I grew up fishing in Southern Ontario’s cottage country and Lake Ontario in Port Hope, Ontario. My first job was at a bait and tackle shop on Rice Lake in Bewdley. So when I moved to Fredericton 20 years ago and tried fishing here, it was disheartening at best. Without a boat, I quickly found accessing the waters here was not easy. Much of it, at the time and without knowledge of the area, was inaccessible or non-productive from the banks. When I did locate places to bank fish in the Fredericton area, I was often met with comments from people passing by,
"What are you fishing for in there? There's nothing in there!". "There's no salmon in there bud!" "Are you catching dinner from there??"
This occurred every single time I went out, so much I started to wonder if I was doing something illegal. Rarely did I even see anyone else fishing, it only solidified this sense that New Brunswick was salmon and trout fishing only. Canadian Tire had a single shelf section containing fishing supplies, which consisted of some trout and salmon gear. There was one gun shop that sold salmon and trout gear. I spoke with the designer of the provincial fishing poster at the time and when I mentioned I fished largemouth back home, he told me I was nuts, they only exist in Florida – I was mistaken!!
I fished for Chinook and Coho in the Ganaraske River in Port Hope for the years I lived there, but the elitist atmosphere here around salmon and only fishing for food just ruined it. I was so discouraged by it all that after fishing for nearly my entire life, I gave it up entirely.
But the last several years I have noticed a large shift towards building a vibrant sports fishing here and incorporating tourism, something the Ontario Ministry of Natural Resources did in the ’80s. Now there are more options for acquiring gear and many more people out fishing – but to fully enjoy the waters here, you’ll need a boat of some kind.
Getting on the Water
If you’ve recently moved here or just getting into fishing and have zero knowledge about it, I would suggest first figuring out what you can get yourself floating on first. If you don’t have the room or money to invest in a powerboat, a canoe or kayak is an excellent way to access the fantastic fishing locations we have here.
Unlike years before, today the resources you have available to you make fishing New Brunswick’s waters a great deal easier. Facebook has many local fishing groups where people will help you out. Fishing apps like Fishbrain help you find popular local spots and Google Maps becomes indispensable to find places to launch your boat or kayak. The best resource I’ve found to date is a place you can go to see what baits and techniques are being used locally. Where you can find sought after lures close to home and get tips and help.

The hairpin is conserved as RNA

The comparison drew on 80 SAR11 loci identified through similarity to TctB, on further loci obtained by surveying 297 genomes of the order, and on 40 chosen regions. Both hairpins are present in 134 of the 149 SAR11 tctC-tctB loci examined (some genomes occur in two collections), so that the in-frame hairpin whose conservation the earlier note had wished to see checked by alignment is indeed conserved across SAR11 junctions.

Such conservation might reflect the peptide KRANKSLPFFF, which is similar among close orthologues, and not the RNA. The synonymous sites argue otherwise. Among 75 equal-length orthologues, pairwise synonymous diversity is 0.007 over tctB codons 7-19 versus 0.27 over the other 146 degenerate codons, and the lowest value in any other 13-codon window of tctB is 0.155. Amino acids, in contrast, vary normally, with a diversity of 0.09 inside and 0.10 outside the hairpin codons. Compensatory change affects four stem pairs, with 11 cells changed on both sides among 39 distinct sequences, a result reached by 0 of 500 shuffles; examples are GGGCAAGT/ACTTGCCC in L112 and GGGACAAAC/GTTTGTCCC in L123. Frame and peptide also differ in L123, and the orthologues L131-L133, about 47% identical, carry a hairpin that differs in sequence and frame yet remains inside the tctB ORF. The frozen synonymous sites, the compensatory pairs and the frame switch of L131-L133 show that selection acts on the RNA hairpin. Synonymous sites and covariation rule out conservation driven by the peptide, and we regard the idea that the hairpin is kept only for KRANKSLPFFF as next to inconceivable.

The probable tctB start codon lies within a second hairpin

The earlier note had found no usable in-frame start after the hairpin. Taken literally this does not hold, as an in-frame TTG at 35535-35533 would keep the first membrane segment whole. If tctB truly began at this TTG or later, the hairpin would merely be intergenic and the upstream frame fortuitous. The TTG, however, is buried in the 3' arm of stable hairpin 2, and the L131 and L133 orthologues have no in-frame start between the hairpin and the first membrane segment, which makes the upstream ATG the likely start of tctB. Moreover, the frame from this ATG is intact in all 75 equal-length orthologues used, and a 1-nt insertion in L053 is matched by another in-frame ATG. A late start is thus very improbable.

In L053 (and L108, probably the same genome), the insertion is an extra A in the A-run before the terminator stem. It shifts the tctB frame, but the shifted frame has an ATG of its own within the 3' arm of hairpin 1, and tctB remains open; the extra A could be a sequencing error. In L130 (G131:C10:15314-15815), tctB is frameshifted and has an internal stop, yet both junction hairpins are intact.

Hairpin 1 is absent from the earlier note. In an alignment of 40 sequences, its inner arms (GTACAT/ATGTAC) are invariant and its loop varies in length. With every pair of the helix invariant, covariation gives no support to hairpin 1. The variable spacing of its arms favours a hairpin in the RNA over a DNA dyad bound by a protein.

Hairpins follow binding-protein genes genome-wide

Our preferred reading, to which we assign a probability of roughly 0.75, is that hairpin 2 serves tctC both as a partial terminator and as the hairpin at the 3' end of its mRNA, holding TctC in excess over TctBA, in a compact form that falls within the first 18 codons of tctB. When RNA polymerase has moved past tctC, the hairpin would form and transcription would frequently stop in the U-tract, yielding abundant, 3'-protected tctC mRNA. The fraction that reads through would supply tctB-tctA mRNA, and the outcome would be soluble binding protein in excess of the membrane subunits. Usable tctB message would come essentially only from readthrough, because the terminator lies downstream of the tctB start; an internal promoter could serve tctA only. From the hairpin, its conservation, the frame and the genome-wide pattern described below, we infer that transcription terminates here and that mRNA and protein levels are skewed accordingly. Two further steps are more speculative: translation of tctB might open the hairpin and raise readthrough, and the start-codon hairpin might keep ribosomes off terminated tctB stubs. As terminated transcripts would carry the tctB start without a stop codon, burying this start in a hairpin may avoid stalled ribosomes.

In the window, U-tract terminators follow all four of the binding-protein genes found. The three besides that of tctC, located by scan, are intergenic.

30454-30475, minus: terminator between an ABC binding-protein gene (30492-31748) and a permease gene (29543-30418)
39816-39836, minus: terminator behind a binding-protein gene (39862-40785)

My oldest son getting instruction on how to rig his purchases by the helpful owners at the Minnow Tackle Shop
An amazing resource for learning the variety of species here available to catch for fun (catch and release) or to keep is the recently published Inland Fishes of New Brunswick. I had been using UNB’s website for my own research and to create a poster for my boys to teach them the species here, but this book takes that information and fills it out with so much more.
If you’re familiar with the Audubon Society Field Guides, this book will feel at home to you as it has a similar style and just slightly larger in dimension. The pages are packed full of information based on current research in the province. While salmon and trout still get the most pages, the mentions of the rapidly growing panfish, chain pickerel, bass and muskie sport fisheries, is a welcome sight!
With over 275 pictures, identification keys and distribution maps contained in the book, it’s a must-have reference for anyone fishing in New Brunswick! Check it out, as well as other great books at the Minnow Tackle Shop located in Fredericton.
Inland Fishes of New Brunswick
Living in Fredericton for the past 20+ years, he’s recently rediscovered his love of fishing, picking up where he left off before moving to New Brunswick. He shares his passion with his oldest son who recently discovered the multispecies Hook & Paddle tournaments. The slow exploration of New Brunswick waters via canoe and kayak fishing is more his style and enjoys the process of learning. Catch and release and conservation are important to him, along with promoting multi-species sport fishing for all ages – Fishing is for everyone! When not on the water or making new inline spinners, Blair is a web developer and hosting provider for small businesses.